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Immigration Redux

Both the president and congressional Republicans appear willing to advance an immigration reform bill. President Obama has vowed to pursue reform on multiple occasions in the past, including last year’s—and this year’s—State of the Union Address. House Speaker John Boehner has even said that his body would probably pass some sort of bill.

The funny thing is, immigration is rather low on the list of priorities, at least as voters see it.

According to the National Journal, an NBC News/Wall Street Journal poll shows that immigration is only a priority to 39% of respondents. This is down by 8% from a 2006 poll asking the same basic question.

A recent Gallup poll found that a mere 3% of respondents found immigration to be their top concern. In the same poll, 38% of respondents cited some sort of economic concern as the top priority while 21% expressed dissatisfaction with government.

In other words, as the National Journal puts it, Americans just aren’t that into immigration right now. So why the seeming bipartisan agreement to do something and to do it soon?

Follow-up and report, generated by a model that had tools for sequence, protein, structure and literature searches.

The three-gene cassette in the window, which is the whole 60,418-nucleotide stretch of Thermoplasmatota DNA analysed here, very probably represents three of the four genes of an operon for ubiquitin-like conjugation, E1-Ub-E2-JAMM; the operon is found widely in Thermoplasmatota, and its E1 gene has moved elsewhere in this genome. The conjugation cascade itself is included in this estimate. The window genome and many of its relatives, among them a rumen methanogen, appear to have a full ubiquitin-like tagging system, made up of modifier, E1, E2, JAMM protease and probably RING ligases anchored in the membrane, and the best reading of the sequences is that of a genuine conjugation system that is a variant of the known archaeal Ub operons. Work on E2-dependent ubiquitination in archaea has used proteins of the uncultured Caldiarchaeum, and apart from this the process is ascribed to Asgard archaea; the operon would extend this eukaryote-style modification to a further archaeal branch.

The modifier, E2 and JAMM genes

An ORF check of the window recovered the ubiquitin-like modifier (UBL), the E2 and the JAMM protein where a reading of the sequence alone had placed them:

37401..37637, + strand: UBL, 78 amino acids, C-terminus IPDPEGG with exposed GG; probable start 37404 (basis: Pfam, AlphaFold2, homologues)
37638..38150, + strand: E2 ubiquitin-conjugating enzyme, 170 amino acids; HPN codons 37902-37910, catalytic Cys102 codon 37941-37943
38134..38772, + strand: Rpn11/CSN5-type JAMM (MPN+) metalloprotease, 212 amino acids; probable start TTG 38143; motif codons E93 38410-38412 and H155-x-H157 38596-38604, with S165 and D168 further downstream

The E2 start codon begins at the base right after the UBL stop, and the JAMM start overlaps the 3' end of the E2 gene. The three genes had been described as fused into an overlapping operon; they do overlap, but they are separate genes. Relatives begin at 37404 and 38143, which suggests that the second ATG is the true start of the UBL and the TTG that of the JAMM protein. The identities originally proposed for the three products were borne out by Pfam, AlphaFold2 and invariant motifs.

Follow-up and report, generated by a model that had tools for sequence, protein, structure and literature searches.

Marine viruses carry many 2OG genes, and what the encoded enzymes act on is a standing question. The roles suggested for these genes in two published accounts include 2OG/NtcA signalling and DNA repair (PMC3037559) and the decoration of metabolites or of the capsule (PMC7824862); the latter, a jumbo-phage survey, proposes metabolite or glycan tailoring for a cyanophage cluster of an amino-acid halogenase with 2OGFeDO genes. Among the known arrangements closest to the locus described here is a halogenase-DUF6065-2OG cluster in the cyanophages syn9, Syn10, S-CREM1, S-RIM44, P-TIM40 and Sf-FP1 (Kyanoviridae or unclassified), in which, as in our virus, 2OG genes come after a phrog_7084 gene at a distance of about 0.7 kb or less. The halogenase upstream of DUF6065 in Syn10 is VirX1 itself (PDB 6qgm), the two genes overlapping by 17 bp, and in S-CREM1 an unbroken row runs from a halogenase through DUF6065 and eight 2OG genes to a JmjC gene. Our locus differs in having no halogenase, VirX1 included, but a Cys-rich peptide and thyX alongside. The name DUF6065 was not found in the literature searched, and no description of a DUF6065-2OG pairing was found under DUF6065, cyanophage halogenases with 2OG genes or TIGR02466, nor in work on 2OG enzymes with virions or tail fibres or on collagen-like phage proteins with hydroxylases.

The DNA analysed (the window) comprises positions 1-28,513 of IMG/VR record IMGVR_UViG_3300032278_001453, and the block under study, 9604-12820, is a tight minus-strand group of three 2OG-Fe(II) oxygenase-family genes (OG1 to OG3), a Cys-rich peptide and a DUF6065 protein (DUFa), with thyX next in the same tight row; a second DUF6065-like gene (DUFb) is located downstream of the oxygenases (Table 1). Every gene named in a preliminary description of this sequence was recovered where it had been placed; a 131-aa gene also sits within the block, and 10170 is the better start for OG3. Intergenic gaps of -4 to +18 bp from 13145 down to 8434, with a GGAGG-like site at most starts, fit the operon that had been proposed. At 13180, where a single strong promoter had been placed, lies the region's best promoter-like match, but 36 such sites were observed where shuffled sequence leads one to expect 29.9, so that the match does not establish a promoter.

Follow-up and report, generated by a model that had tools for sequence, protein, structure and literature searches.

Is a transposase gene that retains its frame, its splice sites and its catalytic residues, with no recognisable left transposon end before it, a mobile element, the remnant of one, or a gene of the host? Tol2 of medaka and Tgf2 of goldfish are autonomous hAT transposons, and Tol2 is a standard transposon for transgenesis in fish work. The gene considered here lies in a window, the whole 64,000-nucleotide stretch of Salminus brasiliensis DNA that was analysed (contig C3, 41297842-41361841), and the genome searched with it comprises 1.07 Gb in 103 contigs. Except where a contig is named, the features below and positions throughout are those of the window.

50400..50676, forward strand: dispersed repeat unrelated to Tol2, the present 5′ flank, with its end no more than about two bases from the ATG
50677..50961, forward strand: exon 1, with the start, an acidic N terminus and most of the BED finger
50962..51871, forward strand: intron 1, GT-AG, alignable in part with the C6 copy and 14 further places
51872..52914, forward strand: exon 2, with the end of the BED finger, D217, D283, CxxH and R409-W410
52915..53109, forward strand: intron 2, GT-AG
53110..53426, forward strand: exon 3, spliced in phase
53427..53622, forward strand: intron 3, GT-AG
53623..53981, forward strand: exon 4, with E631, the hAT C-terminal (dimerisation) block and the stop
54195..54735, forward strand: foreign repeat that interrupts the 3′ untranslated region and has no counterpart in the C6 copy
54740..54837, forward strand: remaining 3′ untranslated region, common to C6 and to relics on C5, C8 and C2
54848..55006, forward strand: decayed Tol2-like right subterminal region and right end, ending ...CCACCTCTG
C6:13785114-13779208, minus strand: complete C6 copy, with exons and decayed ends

One possibility is that both parties are seeking votes. Somehow supporting comprehensive immigration reform is seen as the way to court Hispanic voters. Since Hispanic voters already support Democrats by wide margins, any agreement that hastens citizenship for illegal immigrants, particularly Hispanics, would disproportionately benefit Democrats.

For Republicans it would be about image. With Democrats viewed as the party friendly to Hispanics, a GOP move to offer some sort of legal status would seem to be a play to increase the party’s appeal to this growing voting segment.

Ultimately, the particulars might undo any deal. The GOP knows amnesty with citizenship and voting rights would be an electoral blow, so they are likely to seek a watered down version: legal status without voting rights. Democrats will balk at this and the deal will die. Democrats, meanwhile, will seek an amnesty—probably by another name—citing compassion and practicality.

Luckily for the GOP, polls regularly show that voters agree with their probable version of reform: border enforcement, legal status, etc. Border security will also be a sticking point. Democrats might agree in principle to securing the southern US border, but will ultimately find ways to ensure that it never happens. If so, we will experience a repeat of the 1986 deal that supposedly exchanged enforcement for a “one-time” amnesty.

A second “one-time” amnesty will likely compound the problem in the future, too, as border security advocates will have plenty of reason to be skeptical.